Under Illinois law, the starting point of a duty analysis is to determine whether a plaintiff and a defendant have a special relationship that gives rise to a duty of reasonable care. The relationship between a business and its invitee or the relationship between a manufacturer and a consumer of its goods are such special relationships. In addition, four factors should be considered when determining if a defendant owes a duty to a plaintiff: 1) the reasonable foreseeability of injury; 2) the likelihood of injury; 3) the magnitude of the burden of guarding against the injury; and 4) the consequences of placing the burden upon the defendant.

In granting the defendant’s motion to dismiss the complaint, Judge Pheanis found that the decedent stood in no special relationship to Aurora Packing. He then conducted the four factor analysis and ruled that both the magnitude of guarding against the burden of employees spreading COVID-19 as well as the consequences of placing that burden on the employer did not necessitate placing a duty on an employer to guard against its employees spreading COVID-19 to the population at large.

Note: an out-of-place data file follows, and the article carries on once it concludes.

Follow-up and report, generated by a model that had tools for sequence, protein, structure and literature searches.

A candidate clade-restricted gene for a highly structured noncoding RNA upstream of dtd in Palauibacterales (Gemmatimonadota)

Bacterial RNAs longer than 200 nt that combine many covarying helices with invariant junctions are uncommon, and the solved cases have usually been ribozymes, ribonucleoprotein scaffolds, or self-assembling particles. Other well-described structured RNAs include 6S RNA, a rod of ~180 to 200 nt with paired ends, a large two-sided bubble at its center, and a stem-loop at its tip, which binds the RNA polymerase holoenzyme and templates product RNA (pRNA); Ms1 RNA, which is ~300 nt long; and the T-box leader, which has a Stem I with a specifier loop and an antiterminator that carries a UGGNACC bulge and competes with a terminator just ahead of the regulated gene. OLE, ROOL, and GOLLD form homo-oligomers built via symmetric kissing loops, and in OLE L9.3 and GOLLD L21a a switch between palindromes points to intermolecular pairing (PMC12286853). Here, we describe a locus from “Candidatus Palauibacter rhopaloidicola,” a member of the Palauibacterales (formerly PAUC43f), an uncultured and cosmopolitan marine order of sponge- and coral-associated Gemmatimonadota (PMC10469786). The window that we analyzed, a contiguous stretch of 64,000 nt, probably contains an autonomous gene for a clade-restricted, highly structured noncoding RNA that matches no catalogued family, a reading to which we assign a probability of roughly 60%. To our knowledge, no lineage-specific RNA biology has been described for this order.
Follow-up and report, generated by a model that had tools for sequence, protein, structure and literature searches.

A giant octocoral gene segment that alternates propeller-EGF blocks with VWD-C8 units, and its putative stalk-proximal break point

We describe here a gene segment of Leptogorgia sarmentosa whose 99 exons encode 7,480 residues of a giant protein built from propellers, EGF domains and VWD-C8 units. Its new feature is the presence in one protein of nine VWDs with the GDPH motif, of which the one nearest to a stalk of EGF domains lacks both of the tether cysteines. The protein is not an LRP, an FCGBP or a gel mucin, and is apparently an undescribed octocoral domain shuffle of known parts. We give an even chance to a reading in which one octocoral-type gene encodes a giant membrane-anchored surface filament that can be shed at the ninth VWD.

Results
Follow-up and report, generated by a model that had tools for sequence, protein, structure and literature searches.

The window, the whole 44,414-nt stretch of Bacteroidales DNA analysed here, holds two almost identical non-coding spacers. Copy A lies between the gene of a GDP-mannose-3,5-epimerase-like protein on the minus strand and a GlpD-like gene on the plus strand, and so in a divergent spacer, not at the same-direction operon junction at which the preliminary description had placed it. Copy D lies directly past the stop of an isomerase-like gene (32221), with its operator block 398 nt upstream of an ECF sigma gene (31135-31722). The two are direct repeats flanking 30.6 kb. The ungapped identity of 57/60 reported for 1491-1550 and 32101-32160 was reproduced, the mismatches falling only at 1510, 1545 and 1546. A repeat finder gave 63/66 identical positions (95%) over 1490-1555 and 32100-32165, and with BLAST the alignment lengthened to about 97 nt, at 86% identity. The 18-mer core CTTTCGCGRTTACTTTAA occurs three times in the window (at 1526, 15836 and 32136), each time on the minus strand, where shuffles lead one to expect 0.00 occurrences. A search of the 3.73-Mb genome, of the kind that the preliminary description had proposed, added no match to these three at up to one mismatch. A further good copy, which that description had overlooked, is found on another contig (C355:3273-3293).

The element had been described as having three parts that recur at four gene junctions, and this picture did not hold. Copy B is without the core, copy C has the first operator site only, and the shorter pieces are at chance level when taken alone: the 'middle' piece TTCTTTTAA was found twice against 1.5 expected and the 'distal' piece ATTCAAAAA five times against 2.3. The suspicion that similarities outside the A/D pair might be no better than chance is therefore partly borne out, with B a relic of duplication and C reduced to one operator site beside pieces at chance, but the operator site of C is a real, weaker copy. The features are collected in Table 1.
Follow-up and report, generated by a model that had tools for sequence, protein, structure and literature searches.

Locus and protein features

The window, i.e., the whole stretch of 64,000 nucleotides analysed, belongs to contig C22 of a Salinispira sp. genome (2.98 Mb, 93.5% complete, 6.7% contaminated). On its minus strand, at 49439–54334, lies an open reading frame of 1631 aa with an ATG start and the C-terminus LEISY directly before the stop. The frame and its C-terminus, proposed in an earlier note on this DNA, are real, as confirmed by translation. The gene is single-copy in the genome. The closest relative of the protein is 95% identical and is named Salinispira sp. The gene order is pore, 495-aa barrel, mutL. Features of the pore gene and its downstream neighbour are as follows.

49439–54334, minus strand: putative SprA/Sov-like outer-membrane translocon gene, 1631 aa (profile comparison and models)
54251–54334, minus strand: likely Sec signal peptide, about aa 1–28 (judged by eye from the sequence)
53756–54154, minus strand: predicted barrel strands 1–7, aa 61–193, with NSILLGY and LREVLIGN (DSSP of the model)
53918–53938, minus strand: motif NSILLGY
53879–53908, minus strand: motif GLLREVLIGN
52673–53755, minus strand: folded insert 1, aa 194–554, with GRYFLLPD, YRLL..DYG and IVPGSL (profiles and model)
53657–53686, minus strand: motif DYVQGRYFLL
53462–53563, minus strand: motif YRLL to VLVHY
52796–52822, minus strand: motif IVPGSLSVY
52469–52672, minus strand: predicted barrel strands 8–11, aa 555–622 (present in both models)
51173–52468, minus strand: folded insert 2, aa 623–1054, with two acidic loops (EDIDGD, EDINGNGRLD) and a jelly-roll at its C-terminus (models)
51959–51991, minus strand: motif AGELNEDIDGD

Can the Plaintiff prove causation?

Assuming a court determines that a duty does exist and was breached in a workplace case involving COVID-19, the plaintiff still must prove by a preponderance of the evidence, that the employer or subcontractor’s negligent act or omission was a substantial factor in bringing about the plaintiff’s infection with the virus.

In 2020, the Illinois Legislature amended the Workers’ Occupational Disease Act to provide a rebuttable presumption which allowed COVID-19 first responders and essential front-line workers diagnosed with COVID-19 between March 9, 2020 and June 30, 2021 to argue their diagnoses were automatically connected to the hazards or exposures of their employment. This presumption has never applied to personal injury or wrongful death claims.